National ag conference coming to Louisville; Scholarships available

Published 5:59 pm Sunday, November 28, 2021

FRANKFORT, Ky. (KT) – The National No-Tillage Conference is coming to Louisville in January, and the Kentucky Department of agriculture says scholarships are available for first-time attendees to what is billed as the world’s largest no-till event.

No-till planting, a practice that first found success in Kentucky, marks 60 years in 2022. And for only the second time in its 30-year history, the National No-Tillage Conference, the event that celebrates and encourages no-till practices for agriculture, will be held in Kentucky.

“We are excited to once again host the National No-Tillage Conference,” said Commissioner of Agriculture Ryan Quarles. “Since the practice first found success in Kentucky in 1962, it’s only fitting we welcome the conference that celebrates and encourages this agricultural execution, back home to where it all began. No-till planting has changed the way Kentucky farmers can work the land for the benefit of all.”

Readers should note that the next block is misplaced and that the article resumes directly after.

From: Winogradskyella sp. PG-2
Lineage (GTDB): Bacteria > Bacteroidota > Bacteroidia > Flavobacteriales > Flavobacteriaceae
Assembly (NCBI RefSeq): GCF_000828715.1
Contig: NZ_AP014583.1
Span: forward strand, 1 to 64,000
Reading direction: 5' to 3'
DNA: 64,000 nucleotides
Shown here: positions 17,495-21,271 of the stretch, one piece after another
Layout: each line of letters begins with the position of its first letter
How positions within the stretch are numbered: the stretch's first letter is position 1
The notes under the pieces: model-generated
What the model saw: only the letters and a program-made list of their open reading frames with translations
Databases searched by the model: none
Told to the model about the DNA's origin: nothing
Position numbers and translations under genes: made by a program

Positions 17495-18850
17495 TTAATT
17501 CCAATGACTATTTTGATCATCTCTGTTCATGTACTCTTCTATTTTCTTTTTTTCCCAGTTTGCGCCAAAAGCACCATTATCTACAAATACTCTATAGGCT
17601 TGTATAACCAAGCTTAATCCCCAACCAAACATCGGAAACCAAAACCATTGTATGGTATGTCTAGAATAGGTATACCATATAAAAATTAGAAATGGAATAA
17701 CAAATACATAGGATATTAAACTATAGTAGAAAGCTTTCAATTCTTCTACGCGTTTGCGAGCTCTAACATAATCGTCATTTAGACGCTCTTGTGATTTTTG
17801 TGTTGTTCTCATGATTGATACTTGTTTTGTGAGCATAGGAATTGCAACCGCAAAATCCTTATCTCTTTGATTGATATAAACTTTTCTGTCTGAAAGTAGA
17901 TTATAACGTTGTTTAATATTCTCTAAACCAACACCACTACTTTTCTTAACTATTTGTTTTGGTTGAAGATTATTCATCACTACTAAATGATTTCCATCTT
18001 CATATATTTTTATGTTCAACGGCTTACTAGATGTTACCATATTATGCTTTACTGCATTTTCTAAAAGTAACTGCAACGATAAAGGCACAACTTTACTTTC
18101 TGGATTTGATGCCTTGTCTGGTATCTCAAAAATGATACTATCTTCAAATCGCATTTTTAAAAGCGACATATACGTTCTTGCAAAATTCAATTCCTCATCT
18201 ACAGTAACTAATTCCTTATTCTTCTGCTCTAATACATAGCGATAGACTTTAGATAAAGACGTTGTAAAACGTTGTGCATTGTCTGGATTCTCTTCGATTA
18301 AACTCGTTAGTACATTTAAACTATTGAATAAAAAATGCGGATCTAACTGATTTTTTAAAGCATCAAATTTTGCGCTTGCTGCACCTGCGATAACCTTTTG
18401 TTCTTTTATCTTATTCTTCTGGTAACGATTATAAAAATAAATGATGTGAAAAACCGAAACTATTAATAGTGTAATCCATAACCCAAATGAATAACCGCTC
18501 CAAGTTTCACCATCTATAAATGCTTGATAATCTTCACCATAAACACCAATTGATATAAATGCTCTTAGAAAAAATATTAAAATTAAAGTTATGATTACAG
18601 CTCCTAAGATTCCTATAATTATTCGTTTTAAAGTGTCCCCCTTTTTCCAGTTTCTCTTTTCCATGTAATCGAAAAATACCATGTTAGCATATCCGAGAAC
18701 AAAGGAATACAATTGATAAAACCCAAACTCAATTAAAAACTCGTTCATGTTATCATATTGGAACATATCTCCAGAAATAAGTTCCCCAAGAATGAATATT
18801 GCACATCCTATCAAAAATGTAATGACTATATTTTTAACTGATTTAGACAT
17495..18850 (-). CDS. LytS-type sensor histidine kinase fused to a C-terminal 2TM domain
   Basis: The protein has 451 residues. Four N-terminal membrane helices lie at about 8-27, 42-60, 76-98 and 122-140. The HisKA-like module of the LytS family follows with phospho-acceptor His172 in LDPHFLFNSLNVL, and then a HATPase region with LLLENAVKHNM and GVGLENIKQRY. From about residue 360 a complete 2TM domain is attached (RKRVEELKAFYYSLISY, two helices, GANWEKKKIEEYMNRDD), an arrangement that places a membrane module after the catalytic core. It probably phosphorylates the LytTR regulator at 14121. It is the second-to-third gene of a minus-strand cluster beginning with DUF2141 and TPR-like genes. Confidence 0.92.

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The idea of no-till farming had been researched for years, but it wasn’t until 1962 that Christian County farmer Harry Young had the first successful commercial crop of no-till corn. Using a combination of herbicides and atrazine for weed control and a mule-powered planter, Young harvested 0.7 acres of corn using this new method. It was a method needed by Kentucky farmers who were having issues with soil erosion with regular agricultural practices on the state’s rolling hills.

Sixty years later, more than 104 million U.S. acres were in no-till productions, according to the 2017 agriculture census. Agricultural producers are still eager to learn more about the practice. The national conference is expecting up to 1,000 attendees.

It runs Jan. 4-7 at the Galt House in Louisville, with information from leading no-tillers, agronomists, researchers, and other experts, for farmers to get the most out of their no-till farming system.

To help farmers in Kentucky and other southern states take a more operative approach to their soil conservation practices, the Southern Sustainable Agriculture Research & Education program will provide scholarship funding to support farmers attending their first National No-Tillage Conference.

“We are honored to announce this first-ever scholarship, which reflects the importance of soil health, continued education on best conservation practices,” said Frank Lessiter, founding editor of the No-Till Farmer publication and the National No-Tillage Conference. The scholarship covers the full $449 registration fee. Visit to apply. The application process is first-come, first-served through Dec. 15.